China gives green light to SARS drug trial
The country's drug authority gave permission for the trial yesterday (24 April). Scientists believe that the drug, called alpha-2b human interferon — which is used to treat hepatitis — could curb the spread of the SARS virus through the human respiratory system. The identity of the group that will be carrying out the trial has not been released.
Even if the drug proves successful in clinical trials, it will not be able to cut off all infection routes of the disease such as by direct contact with bodily fluids, Cao Wenzhuang, director of the State Food and Drug Administration (SFDA)'s registration department told the Xinhua news agency.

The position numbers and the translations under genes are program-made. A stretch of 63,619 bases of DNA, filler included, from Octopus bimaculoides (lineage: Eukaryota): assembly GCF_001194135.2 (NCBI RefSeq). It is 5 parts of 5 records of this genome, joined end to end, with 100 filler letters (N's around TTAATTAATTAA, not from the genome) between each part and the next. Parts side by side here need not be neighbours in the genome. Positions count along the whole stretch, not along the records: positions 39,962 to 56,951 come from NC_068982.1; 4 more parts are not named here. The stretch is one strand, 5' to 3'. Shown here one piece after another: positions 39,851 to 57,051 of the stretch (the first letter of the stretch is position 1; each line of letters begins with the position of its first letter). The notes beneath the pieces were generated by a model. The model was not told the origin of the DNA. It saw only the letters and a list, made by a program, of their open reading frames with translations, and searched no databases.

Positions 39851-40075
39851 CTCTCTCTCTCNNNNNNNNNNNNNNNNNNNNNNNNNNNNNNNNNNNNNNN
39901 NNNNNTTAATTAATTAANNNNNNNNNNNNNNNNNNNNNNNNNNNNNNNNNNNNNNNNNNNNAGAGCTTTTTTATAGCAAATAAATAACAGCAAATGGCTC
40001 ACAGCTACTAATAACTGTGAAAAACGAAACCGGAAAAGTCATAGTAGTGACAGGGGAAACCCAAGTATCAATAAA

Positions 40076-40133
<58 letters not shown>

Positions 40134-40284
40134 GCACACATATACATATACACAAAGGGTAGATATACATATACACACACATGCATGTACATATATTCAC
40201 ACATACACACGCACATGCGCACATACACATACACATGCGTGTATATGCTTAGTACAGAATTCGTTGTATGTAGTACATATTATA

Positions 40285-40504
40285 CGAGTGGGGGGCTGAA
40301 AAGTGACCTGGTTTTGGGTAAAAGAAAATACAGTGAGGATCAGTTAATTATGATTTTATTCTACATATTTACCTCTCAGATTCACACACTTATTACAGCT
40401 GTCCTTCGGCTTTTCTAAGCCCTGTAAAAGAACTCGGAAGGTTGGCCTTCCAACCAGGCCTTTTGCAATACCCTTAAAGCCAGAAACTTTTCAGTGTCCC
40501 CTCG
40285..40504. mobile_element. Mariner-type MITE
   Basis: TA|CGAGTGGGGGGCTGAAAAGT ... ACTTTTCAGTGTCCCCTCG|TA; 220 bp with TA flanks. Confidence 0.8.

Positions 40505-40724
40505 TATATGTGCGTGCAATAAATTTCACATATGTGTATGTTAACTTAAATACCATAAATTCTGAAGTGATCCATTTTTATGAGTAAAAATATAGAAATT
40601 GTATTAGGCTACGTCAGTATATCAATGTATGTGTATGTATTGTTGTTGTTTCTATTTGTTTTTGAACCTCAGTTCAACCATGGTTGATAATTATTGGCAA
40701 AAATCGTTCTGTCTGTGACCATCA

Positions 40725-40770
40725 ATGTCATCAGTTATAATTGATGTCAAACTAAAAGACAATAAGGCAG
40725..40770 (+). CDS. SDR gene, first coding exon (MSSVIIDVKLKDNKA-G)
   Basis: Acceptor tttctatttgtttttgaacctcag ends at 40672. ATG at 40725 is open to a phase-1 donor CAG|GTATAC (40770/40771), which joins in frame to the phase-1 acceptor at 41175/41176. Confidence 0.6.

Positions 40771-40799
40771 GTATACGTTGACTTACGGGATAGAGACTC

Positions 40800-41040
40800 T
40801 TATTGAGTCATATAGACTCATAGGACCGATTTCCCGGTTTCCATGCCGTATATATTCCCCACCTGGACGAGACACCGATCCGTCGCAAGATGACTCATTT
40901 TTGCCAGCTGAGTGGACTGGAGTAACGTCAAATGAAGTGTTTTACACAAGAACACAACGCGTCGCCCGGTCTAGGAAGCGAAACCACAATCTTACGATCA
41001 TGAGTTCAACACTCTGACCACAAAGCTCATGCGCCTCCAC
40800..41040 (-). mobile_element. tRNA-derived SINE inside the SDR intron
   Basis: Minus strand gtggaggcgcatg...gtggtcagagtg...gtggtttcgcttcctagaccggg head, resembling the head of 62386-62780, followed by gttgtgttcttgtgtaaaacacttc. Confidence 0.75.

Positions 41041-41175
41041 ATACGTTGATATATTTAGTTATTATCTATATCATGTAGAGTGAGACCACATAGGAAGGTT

He added, however, that the drug — which is applied through a sprayer — could help protect medical professional treating SARS patients. So far, more than 550 doctors and nurses in China who had treated SARS patients had been infected.
The prevailing scientific opinion is that SARS is caused by a new member of the family of viruses known as coronaviruses. But so far no specific medicine or vaccine against SARS has been developed.
The administration has opened a "fast track'' to speed up the approval process for medicines against SARS. According to Cao, the new drug will be put into production immediately after the clinical trial of alpha-2b human interferon is approved by the evaluation committee. SFDA is also organising research institutes and pharmaceutical firms to search for other new medicines, he added.